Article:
Remember, you’re not praying to an icon. Rather, you’re praying with and through an icon. Say, for example, that you sit down to pray with an icon of the Beloved Disciple.
You’re not praying to the Beloved Disciple, you are entering into a conversation with the Beloved Disciple and asking him:
- What can you tell me?
- What can you teach me about being a Disciple of Jesus?
- What can you tell me about being beloved by Jesus?
- What was it like to be leaning on the breast of Jesus at the Last Supper?
- How can that be for me?
- How can I become a beloved disciple?
The icon becomes a chance for contact and conversation; it invites us into relationship. The icon of the Beloved Disciple isn’t simply a picture of John leaning on Jesus’ shoulder. It’s a representation of the real love that these two people had for each other. So praying with an icon of the Beloved Disciple is really praying about that kind of love, using it to help us pray for that kind of relationship with the Lord.
The other place that I suggest people begin is to look at the hands, because the hands also will lead you.
Are the hands pointing to something? Often it appears in icons of the Virgin that she is pointing to or offering her Son to you. In icons of Jesus he is sometimes pointing to a text of Scripture or his hand is raised in blessing or teaching. If his hand is raised in blessing, receive the blessing. If his hand is raised to teach ask what he might want or need to teach you.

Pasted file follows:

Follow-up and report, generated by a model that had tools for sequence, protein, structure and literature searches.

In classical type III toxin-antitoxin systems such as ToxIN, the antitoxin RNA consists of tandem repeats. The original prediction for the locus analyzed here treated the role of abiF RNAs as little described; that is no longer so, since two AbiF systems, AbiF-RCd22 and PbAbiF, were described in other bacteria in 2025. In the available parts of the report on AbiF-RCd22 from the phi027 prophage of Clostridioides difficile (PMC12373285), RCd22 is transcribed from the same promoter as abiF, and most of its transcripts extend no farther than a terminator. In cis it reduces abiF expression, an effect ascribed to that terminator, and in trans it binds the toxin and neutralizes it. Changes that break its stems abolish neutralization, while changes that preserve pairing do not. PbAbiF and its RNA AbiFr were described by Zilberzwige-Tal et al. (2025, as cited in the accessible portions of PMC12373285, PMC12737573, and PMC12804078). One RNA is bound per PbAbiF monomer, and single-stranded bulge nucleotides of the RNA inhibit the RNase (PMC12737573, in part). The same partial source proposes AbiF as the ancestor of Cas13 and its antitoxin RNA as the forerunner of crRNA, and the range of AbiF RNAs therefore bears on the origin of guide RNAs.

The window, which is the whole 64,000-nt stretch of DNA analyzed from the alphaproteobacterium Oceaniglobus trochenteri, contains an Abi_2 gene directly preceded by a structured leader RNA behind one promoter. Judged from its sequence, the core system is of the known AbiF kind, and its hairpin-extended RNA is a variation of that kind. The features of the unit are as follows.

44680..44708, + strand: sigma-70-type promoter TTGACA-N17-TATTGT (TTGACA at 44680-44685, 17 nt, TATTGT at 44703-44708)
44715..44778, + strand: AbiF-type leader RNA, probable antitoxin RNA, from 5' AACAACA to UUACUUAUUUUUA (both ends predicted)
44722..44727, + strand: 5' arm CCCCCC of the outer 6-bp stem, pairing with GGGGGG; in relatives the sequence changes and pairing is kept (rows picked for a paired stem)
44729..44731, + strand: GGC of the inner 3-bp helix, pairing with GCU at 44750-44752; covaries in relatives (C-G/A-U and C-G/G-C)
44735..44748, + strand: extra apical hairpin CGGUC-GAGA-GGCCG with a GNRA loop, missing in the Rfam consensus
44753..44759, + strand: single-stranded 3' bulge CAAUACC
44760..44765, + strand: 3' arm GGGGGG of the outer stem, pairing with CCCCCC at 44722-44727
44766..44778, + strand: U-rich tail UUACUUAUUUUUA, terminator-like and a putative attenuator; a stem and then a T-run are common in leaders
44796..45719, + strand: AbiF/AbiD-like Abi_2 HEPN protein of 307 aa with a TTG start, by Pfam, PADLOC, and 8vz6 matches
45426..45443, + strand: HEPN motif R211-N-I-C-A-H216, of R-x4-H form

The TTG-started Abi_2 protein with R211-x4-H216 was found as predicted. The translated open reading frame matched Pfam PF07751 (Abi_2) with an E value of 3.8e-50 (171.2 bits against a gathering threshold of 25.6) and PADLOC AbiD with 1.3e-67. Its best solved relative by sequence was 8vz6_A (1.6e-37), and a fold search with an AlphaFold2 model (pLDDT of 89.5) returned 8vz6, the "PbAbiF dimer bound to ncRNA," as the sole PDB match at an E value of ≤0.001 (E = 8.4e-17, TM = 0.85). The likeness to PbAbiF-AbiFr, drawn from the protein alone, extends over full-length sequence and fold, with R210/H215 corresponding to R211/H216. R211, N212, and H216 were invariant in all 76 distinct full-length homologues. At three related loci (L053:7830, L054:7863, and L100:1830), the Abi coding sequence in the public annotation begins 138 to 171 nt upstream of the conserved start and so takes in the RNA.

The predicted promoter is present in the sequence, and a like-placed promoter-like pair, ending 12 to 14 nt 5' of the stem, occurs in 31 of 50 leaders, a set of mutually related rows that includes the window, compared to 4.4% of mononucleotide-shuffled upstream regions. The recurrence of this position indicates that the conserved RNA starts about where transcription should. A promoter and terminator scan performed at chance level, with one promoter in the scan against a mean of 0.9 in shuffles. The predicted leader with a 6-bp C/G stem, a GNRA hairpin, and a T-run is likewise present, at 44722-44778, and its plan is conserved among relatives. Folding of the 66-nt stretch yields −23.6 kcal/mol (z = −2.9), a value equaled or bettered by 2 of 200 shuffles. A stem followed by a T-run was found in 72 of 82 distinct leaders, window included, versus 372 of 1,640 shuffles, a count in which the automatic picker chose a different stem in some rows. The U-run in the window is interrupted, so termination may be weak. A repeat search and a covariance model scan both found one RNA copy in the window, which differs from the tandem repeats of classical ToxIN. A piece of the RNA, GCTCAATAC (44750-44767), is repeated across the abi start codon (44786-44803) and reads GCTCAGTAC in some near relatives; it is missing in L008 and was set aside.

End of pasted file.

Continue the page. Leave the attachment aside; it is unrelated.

The first place to look in an icon is at the eyes. As you sit down with a particular icon, ask yourself questions:
- Where is the icon’s gaze drawing me?
- What’s the focus of the eyes in the icon?
- Are the eyes looking straight out at you? What do they ask you to consider?
- Are they looking beyond you? Might there be something outside of you or in your past that you need to consider through the eyes of the figure in the icon?
- What is the expression within them?
- What emotion does the gaze raise in you?
In some icons, you’re invited simply to share a gaze with the icon just as two lovers would: Each looks at the other. Gazing and being gazed at in return can be an experience of being loved.